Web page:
I walked down the empty Broad to breakfast, as I often did on Sundays, at a tea-shop opposite Balliol.  The air was full of bells from the surrounding spires and the sun, casting long shadows across the open spaces, dispelled the fears of the night. 

The passage reminded me of a radio documentary local CBC talk guy Kevin Sylvester did recently about church bells, and how they are starting to become a thing of the past here in North America.  Church bells have never been as fixed in our culture as they have been in Europe, mainly because such things as cathedrals – and as such their place within a community – are relatively rare.  And in today’s world, even the smaller churches, with their reduced populations and increased money problems, don’t end up repairing those bells that become damaged or deemed unsafe to use.   

One part of Sylvester’s story that really astounded me was that here in Toronto, in the area where there are several large and historic churches with beautiful bells, the churches are not ringing them on Sunday mornings because of threats from the neighbourhood people that they would sue the church for disturbing the peace.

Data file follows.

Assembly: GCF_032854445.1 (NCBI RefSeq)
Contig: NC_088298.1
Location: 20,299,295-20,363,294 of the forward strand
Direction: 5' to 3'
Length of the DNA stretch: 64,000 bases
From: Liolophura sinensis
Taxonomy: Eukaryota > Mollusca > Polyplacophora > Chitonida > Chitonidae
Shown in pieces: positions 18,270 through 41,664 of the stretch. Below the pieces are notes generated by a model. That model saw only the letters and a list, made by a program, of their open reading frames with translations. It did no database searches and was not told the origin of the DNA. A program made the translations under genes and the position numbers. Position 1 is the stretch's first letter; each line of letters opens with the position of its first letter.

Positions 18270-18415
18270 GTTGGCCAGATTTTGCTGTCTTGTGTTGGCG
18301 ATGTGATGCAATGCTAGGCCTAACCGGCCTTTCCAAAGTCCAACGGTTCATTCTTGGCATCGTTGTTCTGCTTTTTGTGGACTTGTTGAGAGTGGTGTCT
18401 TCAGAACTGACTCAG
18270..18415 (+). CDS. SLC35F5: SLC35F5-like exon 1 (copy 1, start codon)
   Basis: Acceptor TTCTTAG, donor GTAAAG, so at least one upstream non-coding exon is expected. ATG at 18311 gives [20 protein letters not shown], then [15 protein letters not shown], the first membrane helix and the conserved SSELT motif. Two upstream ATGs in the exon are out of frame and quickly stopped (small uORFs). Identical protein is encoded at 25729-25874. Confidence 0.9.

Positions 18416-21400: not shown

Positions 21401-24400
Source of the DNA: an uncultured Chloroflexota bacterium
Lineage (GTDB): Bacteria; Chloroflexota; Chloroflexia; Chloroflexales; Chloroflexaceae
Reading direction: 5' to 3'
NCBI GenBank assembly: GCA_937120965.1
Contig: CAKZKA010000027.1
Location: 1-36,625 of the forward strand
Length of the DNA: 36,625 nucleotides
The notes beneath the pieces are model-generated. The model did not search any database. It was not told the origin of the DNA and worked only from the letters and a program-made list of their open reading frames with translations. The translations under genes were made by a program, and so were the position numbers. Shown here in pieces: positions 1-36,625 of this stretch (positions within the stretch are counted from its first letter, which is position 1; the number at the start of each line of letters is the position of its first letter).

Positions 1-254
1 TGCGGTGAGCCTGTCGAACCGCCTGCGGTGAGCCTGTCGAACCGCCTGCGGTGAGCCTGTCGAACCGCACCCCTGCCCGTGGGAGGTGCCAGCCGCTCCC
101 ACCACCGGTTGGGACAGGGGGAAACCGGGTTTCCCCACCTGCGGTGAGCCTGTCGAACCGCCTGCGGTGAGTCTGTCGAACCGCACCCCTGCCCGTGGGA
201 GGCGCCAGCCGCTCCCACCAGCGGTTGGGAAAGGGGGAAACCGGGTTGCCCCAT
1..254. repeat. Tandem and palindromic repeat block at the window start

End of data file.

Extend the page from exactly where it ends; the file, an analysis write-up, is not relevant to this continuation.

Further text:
On reading Waugh’s passage, I was filled with grief, for yet another tearing away at beauty for beauty’s sake because it’s not seen to fit in with modern day needs.  I understand that beauty is something us immigrant North Americans might never have really valued as a people – those early settlers had to first conquer the landscape and just survive.  And then it was all about the worship of modernity and all things new; all things came to reflect that focus, including our values.

I was filled with grief because the sound of churches all sounding bells together was once experienced as a weekly ethereal escape from the drudgery of weekday life, and is now, in Toronto at least, considered a disturbance of the peace.

I was filled with grief for us at losing, bit by bit, the value of beauty as an important and defining endeavour.  I worry what this is doing to our psyches.  And what have we replaced it with?  Money?

There is a meme going around Facebook at the moment which contains a reading list of 100 books, as devised by the BBC.  The list contains many classics, some “new classics” and some best sellers and you go down the list and tick off which ones you’ve read.  Apparently they reckoned that most people will have only read six.  Those avid readers and/or English majors among us jumped at the prospect of showing off our “well-read-ness,” and having done so I was less than pleased to find that I’m not nearly as well read as I think I am.  In fact I wasn’t even going to publish my meagre list of 26.